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The BG News
BG24 Newscast
November 30, 2023

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BG to host gay marriage conference

In light of current social and political trends in the nation, the University will host four speakers for an evidence-based conference to discuss some of the key issues raised in the debate over same-sex marriage.

The conference “Same-Sex Marriage: On the Frontiers of Legal and Social Change,” will be held today from 2:00 – 6:15 p.m. in room 308 of the Union. The event is free and open to the public.

Two panelists will be looking at political and legal issues, while the other two look at the social science side, said Laura Sanchez, event moderator and associate professor in the department of sociology.

“We were very mindful of selecting people who are very active in the area,” she said. “We rarely as a campus community have the opportunity to have a dialogue about something that is as visible and important as this social phenomenon.”

The speakers represent a wide range of research areas on the topic of same-sex marriage in America, said Susan Brown, associate professor in the department of sociology.

Andrew Koppelman is a professor of law and political science at Northwestern University. He has expertise in constitutional law and political philosophy and has written widely on gay rights in contemporary American law.

Katherine Spaht is a professor at Louisiana State University and has worked with the state legislature to draft Louisiana’s marriage legislation. She has also written on the role law plays in the regulation of marriage.

Judith Stacey is professor of sociology at New York University and writes on gay and lesbian family relationships. She has been an activist for families and has contributed to thinking about reconfiguring the role of family life in America.

Jennifer Roback Morse is an economist and research fellow at the Hoover Institution at Stanford University and has both philosophical and policy interests in the role of family in a free society.

The topic for the conference was chosen last semester because of the attention it has drawn during the presidential election and the nationwide issue of changing family values, Sanchez said.

Last year alone, 4,000 gay couples were married in San Francisco. But on the opposition, 18 states currently have banned gay marriage, Sanchez said.

“I think it’s very in the currently consciousness,” she said. “We wanted to make sure we looked at legal and political issues surrounding gay marriage and also what social and political science tells us about gay marriage.”

Opponents to same-sex marriage have advocated a U.S. constitution amendment to make it illegal.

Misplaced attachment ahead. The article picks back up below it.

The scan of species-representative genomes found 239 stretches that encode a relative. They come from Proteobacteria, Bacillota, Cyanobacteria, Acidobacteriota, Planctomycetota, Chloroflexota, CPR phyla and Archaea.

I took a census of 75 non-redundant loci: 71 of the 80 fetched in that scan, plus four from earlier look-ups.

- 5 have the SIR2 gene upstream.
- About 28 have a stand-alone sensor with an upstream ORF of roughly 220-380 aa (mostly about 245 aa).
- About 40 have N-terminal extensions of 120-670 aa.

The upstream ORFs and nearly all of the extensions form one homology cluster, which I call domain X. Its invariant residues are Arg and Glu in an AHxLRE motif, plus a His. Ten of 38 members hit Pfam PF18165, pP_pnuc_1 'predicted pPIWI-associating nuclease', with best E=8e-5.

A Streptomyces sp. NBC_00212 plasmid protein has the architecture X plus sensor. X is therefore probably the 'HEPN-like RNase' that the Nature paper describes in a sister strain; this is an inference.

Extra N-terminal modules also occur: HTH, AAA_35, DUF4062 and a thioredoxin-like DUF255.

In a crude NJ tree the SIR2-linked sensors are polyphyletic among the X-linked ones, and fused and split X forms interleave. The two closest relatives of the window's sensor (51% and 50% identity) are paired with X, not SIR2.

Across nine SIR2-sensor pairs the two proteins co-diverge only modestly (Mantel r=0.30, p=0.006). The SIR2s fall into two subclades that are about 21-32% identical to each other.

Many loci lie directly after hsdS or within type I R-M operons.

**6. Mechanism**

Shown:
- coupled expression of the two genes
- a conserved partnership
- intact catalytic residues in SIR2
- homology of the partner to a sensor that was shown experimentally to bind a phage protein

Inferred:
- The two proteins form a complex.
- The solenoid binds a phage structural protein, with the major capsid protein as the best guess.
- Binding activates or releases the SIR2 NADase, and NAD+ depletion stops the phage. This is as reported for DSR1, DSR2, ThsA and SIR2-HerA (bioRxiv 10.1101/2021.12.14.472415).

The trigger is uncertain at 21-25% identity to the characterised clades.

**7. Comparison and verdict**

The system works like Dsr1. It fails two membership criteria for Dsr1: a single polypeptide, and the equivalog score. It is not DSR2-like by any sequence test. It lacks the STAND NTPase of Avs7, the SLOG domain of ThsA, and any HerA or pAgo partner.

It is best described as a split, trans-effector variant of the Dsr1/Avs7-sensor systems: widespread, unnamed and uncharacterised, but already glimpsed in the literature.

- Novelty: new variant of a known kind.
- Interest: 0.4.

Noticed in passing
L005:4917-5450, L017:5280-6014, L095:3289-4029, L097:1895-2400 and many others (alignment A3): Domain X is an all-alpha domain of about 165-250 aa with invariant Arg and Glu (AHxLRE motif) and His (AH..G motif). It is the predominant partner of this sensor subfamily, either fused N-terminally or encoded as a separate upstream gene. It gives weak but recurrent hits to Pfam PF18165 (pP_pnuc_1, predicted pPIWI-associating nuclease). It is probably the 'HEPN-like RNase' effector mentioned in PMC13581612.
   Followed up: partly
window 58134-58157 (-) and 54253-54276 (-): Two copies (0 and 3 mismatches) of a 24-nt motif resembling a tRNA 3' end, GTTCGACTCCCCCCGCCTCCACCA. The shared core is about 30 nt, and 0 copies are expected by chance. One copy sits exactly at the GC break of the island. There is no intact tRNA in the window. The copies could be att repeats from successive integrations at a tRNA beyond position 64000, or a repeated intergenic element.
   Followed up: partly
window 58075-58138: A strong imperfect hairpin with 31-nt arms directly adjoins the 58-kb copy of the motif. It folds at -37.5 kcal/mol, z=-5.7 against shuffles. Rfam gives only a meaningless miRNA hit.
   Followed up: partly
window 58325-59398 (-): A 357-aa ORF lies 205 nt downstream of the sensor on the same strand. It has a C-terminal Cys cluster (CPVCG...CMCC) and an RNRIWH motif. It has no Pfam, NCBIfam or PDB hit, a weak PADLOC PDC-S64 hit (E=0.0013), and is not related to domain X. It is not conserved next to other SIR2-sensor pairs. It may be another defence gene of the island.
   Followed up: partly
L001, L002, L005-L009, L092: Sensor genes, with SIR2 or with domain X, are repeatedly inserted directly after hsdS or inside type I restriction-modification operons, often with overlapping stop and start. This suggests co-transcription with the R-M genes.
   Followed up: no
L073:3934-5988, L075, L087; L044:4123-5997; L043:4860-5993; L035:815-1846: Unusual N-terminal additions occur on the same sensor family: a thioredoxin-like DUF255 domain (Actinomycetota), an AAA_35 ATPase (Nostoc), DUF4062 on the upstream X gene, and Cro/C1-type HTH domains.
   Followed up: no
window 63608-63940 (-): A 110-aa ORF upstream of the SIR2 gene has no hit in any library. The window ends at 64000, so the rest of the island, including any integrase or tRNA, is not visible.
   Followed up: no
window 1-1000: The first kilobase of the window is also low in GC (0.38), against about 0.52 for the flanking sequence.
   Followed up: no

Religious groups have been speaking against same-sex marriage arguing that it violates biblical codes while other churches have been recognizing and performing gay marriages.

Scholars have been debating the effects same-sex marriage have on the couple’s children and their attitudes, gender preferences, self-esteem and psychological well-being.

Although students may not be directly affected by gay marriage, chances are, they will know someone who is, Sanchez said. It’s important to be informed about an issue like this especially when students are part of the voting population.

“It’s important academically because as social scientists, we’re trying to understand the rapid family change that has occurred in U.S. society over the past 30 years,” Brown said. “This is an issue that has been making news in the past several years and will continue to in the future.”

The key factor in the conference is that the conference is fact based, not opinion based, Sanchez said.

“Although many people have strong emotional and religious views, they actually have very few facts about it,” Sanchez said. “This is an opportunity to learn exactly why this is such the phenomenon that it is.”

The scholars will not present their opinions, only facts from their research, Brown said.

“We’re trying to present the best evidence out there that is designed in an academic research base,” she said. “This is not just somebody’s opinion, but based on factual information and data that is gathered.”

Through faculty research for the Center for Family and Demographic Research on campus, the University is considered a viable source for information on this topic, Brown said.

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